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The following is the opening paragraph to The Girl on the Train:

She’s buried beneath a silver birch tree, down towards the old train tracks, her grave marked with a cairn.

Is the word down necessary? What is its semantic contribution?

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It's telling us that the train tracks are "down" from the "here" of the narrator. Perhaps the downhill side of town, perhaps the old train tracks are in a railway cutting. It's giving us a sense of the physical geography and simultaneously giving us an emotional clue. It's not over towards the old train tracks: somewhere away from here, suggesting a distance. It's not up towards the tracks, suggesting effort to get there. It's down towards the old train tracks, a place you might fall to.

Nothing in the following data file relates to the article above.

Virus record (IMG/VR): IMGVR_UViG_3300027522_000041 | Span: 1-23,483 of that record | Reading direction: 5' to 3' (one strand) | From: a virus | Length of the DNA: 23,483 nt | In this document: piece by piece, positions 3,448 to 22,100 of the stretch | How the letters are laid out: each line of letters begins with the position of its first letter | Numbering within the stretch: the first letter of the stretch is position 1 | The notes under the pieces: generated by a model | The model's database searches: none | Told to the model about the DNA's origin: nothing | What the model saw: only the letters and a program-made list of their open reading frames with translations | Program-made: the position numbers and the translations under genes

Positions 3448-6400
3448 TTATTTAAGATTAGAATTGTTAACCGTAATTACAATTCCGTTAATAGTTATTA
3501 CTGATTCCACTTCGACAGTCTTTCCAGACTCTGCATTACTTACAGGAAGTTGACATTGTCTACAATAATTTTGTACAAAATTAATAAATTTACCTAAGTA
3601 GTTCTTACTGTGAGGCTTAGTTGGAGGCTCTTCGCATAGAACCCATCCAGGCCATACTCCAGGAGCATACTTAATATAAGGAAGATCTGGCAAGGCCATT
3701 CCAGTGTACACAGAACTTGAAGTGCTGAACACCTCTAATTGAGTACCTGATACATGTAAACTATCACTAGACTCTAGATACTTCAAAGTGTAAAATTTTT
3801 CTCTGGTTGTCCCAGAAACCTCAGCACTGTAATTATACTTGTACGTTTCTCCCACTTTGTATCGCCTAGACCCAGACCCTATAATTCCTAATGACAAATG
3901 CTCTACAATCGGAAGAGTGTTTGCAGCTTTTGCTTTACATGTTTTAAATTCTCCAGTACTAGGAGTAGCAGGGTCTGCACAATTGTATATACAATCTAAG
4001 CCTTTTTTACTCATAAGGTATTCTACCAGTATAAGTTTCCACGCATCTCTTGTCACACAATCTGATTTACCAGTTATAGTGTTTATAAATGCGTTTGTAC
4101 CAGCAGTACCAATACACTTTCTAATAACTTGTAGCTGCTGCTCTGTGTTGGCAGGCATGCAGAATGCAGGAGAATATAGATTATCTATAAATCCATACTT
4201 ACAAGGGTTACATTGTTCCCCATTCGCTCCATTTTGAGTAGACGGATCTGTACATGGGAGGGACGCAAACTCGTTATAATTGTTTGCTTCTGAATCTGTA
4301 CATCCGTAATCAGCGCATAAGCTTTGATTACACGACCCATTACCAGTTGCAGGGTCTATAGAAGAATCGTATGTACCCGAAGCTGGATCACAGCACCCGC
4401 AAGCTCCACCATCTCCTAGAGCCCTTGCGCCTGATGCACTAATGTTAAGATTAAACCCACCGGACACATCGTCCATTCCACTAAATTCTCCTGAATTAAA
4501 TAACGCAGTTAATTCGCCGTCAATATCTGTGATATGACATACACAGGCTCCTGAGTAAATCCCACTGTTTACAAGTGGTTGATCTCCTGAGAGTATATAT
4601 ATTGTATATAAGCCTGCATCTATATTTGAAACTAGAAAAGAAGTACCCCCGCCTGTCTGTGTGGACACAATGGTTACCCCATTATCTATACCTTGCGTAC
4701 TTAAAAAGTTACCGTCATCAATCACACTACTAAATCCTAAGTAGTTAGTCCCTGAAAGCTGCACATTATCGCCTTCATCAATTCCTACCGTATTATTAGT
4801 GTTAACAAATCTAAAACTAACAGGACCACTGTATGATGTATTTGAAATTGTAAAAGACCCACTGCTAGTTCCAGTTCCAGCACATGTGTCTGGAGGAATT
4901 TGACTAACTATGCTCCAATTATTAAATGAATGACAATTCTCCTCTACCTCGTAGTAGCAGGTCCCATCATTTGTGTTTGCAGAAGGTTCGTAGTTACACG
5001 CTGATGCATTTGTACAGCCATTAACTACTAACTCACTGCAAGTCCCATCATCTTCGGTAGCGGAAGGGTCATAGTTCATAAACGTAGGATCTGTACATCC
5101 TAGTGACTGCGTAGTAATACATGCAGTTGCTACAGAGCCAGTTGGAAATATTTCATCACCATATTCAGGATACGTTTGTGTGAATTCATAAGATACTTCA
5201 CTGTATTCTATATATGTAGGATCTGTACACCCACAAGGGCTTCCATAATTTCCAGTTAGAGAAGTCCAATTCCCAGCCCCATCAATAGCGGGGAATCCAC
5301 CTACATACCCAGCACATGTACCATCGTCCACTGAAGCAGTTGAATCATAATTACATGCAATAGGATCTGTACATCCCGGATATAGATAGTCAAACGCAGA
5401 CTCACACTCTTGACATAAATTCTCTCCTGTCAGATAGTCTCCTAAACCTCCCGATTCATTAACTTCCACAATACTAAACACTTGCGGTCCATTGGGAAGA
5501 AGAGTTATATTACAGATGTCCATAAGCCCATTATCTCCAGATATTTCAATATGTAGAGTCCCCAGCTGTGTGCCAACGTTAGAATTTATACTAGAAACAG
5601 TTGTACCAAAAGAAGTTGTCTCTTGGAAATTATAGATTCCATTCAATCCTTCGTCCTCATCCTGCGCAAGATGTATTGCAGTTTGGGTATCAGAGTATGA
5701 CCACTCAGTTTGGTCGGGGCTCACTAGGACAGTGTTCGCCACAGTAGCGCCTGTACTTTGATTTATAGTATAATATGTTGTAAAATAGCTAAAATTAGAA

• So it means "in a downward direction"? – Apollyon Jun 19 at 4:30
  • Yes, it has just its ordinary meaning, which in a town can mean "down the road" or "downhill". – jonathanjo Jun 19 at 4:41

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